As the Supreme Court put it in PG&E: “But as we view the issue, Congress, in passing the 1954 Act and in subsequently amending it, intended that the Federal Government should regulate the radiological safety aspects involved in the construction and operation of a nuclear plant, but that the States retain their traditional responsibility in the field of regulating electrical utilities for determining questions of need, reliability, cost, and other related state concerns.
    Need for new power facilities, their economic feasibility, and rates and services, are areas that have been characteristically governed by the States. ” (p. 205) Underscoring this point, the Court goes on to point out that the role of the States in these matters is long-established (with an exception carved out for what is now FERC), that it has NOT been removed by the AEA, that, Congress did NOT intend to leave a regulatory vacuum, and that therefore “the only reasonable inference is that Congress intended the States to continue to make these judgments.” (p. 208)

    Indeed, they didn’t stop there either, but went on to examine legislative history and text, and the NRC’s own interpretation of its authority, finally concluding “This account indicates that, from the passage of the Atomic Energy Act in 1954, through several revisions, and to the present day, Congress has preserved the dual regulation of [212] nuclear powered electricity generation: the Federal Government maintains complete control of the safety and “nuclear” aspects of energy generation; the States exercise their traditional authority over the need for additional generating capacity, the type of generating facilities to be licensed, land use, ratemaking, and the like.” (pp. 211-212)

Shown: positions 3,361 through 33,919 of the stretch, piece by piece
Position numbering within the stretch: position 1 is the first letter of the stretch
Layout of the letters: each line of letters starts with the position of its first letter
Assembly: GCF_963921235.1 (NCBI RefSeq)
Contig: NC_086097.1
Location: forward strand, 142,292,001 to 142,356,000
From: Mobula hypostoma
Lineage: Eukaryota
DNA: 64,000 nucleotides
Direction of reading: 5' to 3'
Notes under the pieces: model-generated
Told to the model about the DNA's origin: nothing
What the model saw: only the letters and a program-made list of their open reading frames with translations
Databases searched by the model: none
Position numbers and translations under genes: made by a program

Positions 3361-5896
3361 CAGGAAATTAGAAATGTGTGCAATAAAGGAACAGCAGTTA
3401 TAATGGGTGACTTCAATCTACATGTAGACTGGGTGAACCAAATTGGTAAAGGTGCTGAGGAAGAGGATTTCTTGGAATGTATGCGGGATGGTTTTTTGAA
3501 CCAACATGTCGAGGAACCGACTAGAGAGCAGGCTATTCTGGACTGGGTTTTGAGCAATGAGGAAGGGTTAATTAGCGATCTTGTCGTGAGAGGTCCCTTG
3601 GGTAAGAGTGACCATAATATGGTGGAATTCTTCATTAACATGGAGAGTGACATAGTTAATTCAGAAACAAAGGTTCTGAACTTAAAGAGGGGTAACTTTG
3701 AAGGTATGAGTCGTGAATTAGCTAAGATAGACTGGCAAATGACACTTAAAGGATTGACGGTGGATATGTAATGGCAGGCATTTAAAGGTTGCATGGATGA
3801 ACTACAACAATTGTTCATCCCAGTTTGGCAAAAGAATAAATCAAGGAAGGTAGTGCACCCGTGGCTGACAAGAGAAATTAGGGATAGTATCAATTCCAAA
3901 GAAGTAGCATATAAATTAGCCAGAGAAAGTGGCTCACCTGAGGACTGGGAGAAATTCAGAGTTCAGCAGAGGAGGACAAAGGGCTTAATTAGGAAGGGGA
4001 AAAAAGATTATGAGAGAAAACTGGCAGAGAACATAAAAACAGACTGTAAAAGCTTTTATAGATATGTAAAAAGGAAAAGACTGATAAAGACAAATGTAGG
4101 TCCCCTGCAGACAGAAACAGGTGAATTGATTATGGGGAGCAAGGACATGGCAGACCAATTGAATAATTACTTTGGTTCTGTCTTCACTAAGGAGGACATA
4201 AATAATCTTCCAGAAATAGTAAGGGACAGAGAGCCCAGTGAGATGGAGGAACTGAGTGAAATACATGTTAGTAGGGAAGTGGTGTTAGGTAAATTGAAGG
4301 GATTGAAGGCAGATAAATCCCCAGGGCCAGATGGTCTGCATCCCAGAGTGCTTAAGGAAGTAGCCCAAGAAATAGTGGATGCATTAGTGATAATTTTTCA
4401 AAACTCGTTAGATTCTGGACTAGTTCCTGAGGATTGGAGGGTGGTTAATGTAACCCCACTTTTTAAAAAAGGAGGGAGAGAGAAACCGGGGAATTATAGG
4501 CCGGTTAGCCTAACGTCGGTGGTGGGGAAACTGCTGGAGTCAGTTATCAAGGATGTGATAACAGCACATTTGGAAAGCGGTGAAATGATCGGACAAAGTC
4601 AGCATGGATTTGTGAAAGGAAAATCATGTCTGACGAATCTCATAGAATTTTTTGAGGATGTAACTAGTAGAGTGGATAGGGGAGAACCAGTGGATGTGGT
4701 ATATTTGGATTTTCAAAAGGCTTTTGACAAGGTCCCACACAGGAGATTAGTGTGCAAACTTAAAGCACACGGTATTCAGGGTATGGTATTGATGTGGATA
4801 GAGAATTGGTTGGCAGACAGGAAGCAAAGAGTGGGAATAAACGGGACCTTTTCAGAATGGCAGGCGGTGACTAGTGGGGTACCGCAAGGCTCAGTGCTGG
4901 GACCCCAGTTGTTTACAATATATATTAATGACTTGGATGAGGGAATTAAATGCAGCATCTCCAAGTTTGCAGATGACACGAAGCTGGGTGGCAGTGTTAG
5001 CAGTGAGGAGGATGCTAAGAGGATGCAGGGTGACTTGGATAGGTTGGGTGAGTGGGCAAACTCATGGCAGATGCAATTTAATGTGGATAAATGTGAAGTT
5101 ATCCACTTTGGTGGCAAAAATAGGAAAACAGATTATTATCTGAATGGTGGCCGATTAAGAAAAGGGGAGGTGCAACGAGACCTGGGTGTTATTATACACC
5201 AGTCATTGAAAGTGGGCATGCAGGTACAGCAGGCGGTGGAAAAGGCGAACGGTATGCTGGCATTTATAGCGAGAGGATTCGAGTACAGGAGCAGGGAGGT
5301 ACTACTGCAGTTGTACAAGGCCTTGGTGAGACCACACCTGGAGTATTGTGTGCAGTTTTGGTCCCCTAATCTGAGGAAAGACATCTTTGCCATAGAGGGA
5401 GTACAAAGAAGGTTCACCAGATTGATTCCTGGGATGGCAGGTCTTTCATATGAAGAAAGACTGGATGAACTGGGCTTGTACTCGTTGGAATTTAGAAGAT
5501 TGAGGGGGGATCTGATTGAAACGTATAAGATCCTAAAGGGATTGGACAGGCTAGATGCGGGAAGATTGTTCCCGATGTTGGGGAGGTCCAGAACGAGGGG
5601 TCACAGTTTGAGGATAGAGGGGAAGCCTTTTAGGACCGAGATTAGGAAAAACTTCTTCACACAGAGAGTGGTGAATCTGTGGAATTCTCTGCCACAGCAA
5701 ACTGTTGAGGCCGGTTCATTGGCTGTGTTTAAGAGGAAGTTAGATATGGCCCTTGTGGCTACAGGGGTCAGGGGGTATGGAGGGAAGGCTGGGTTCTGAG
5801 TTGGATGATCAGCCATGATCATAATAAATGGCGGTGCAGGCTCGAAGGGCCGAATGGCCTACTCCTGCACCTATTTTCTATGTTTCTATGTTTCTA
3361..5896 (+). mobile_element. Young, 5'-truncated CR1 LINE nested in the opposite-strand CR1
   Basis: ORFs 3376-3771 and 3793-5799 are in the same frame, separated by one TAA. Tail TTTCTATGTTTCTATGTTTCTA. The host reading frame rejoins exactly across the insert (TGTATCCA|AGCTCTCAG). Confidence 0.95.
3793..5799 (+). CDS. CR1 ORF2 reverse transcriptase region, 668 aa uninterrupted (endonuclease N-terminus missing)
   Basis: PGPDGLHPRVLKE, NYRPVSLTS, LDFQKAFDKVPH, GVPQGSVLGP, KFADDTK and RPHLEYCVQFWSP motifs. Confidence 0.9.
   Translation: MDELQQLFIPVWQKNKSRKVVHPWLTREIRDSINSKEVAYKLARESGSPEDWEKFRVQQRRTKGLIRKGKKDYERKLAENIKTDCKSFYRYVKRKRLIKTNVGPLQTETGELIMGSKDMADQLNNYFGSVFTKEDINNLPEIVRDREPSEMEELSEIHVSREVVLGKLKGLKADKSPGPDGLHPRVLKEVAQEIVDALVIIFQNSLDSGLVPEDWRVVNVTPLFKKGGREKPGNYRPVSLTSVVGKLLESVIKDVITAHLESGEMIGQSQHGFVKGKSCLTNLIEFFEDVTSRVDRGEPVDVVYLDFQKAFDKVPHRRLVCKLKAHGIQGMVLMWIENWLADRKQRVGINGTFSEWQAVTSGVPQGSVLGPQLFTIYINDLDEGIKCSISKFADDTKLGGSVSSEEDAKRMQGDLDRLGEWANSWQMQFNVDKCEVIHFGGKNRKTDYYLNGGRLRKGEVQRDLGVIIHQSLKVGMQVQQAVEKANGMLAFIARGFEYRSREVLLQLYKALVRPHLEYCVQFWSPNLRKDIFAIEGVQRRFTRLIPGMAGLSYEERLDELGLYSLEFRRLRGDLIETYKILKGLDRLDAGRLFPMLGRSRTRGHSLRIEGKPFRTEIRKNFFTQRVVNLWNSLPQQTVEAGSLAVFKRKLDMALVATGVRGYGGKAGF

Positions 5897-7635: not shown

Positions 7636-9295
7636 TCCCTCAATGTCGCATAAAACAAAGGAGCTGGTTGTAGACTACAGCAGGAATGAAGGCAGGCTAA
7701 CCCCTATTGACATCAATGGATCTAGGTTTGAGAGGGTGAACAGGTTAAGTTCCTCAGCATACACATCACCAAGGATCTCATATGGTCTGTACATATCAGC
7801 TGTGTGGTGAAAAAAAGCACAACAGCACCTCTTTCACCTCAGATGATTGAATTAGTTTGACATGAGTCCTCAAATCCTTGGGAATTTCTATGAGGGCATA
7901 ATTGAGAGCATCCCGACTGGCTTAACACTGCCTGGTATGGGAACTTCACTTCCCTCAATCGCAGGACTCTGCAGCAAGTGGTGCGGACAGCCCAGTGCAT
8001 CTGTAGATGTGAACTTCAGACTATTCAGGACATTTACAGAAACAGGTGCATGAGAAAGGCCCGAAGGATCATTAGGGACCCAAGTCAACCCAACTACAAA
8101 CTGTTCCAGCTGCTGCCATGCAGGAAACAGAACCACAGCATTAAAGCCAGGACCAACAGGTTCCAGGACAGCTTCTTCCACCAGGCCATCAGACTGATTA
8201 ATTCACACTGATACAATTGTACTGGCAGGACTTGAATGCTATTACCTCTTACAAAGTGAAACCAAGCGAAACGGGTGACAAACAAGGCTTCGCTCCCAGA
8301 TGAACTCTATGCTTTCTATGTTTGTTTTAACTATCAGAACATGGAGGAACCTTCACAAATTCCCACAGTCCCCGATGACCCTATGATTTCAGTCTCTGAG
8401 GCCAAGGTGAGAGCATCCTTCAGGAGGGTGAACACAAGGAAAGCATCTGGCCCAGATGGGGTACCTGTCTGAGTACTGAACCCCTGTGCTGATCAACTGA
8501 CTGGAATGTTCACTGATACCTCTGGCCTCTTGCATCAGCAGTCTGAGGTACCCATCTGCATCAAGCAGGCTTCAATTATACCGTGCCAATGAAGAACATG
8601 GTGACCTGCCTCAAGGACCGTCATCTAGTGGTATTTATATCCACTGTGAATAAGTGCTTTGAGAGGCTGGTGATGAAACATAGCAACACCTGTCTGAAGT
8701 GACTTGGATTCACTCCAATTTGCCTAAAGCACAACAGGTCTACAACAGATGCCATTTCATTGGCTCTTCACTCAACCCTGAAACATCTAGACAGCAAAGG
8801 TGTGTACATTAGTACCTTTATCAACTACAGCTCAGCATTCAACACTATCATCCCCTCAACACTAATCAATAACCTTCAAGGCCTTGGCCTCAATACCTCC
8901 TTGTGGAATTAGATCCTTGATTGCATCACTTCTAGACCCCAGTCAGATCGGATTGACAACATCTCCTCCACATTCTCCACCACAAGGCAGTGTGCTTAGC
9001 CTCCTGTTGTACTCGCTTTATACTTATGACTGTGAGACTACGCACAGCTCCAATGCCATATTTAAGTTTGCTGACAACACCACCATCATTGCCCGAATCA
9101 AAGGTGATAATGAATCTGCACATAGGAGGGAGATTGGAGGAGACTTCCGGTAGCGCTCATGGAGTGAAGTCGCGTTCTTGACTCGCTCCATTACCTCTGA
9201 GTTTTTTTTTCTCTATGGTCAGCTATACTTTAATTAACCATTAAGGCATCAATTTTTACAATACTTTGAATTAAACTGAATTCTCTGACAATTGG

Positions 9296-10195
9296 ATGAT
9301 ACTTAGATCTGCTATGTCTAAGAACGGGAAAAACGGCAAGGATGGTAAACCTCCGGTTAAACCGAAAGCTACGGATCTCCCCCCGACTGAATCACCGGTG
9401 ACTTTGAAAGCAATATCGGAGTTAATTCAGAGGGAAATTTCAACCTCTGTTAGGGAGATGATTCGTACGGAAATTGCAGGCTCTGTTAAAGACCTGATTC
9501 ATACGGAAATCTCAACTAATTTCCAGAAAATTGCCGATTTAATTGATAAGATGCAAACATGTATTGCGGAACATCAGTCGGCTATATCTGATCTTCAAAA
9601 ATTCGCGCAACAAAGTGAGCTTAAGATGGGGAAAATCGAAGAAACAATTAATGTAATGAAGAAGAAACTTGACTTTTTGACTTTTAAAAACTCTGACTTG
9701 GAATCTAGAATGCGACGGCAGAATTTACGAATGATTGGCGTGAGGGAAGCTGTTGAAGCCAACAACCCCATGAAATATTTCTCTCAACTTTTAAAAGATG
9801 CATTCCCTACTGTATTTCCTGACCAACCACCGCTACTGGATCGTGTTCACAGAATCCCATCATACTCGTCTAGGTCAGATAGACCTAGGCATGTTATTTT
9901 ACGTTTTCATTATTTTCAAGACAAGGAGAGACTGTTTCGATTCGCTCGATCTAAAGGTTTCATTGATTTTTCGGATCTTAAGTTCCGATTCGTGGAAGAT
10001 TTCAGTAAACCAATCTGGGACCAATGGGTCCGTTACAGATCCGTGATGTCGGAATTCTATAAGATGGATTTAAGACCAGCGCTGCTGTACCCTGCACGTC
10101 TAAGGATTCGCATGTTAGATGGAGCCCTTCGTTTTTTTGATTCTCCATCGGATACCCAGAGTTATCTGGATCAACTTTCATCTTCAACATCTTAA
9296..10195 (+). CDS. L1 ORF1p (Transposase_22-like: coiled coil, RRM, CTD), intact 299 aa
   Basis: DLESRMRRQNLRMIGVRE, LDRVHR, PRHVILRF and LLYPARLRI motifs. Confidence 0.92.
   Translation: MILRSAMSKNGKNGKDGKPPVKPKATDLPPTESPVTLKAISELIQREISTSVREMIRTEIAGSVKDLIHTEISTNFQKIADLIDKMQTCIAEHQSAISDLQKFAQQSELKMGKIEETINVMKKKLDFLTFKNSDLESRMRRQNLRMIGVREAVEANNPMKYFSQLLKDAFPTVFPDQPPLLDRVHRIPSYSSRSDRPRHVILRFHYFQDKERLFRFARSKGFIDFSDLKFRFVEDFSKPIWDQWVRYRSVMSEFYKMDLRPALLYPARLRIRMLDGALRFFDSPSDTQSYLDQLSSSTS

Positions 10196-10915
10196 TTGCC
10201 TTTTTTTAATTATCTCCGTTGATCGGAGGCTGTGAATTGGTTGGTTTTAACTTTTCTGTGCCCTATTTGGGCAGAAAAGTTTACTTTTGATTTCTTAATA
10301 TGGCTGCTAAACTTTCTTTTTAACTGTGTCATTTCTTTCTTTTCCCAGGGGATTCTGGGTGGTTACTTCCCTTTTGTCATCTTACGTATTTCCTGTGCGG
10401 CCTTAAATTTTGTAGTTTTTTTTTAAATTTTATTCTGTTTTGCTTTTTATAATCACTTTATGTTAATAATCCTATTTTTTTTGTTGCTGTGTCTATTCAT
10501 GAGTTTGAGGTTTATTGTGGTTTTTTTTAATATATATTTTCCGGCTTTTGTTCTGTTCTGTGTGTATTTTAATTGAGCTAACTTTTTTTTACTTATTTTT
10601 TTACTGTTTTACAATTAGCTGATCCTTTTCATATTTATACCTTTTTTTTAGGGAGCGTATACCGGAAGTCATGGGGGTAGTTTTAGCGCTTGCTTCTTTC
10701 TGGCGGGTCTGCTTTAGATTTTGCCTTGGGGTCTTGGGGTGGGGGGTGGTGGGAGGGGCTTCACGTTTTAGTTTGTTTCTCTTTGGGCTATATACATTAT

Entergy and Hanna ignore all of this, attempting to turn a dual regulatory scheme into a solo act for the NRC. There is simply no basis in law, or in policy for this. A few points follow.

    First, the remaining significant legal point. Entergy attempts to shoehorn decisions granting FERC sole authority over rates into the PG&E decision, claiming that between nuclear safety and rates, the federal government has covered all the bases. It’s true that the regulation of rates at merchant generating plants like VY is no longer a matter of state authority; indeed, that’s uncontested here. But rates are just ONE of the long list of powers that the Court noted are reserved to the States. More importantly, the Court’s language concerning the powers of the States is meant to exemplify areas that are NOT reserved to the federal government, rather than to list ALL of those that ARE granted to the States. Like the Constitution itself, the Court makes no attempt to articulate State powers, instead leaving to them “the powers not delegated to the United States by the Constitution, nor prohibited by it to the States….” (9th Amendment). The simple fact of the matter is this: from a legal point of view, Entergy has nothing but its own repeatedly rejected view of federal preemption on which to rest its case. In a word, its case is a castle (more of a hovel, really) built in the air.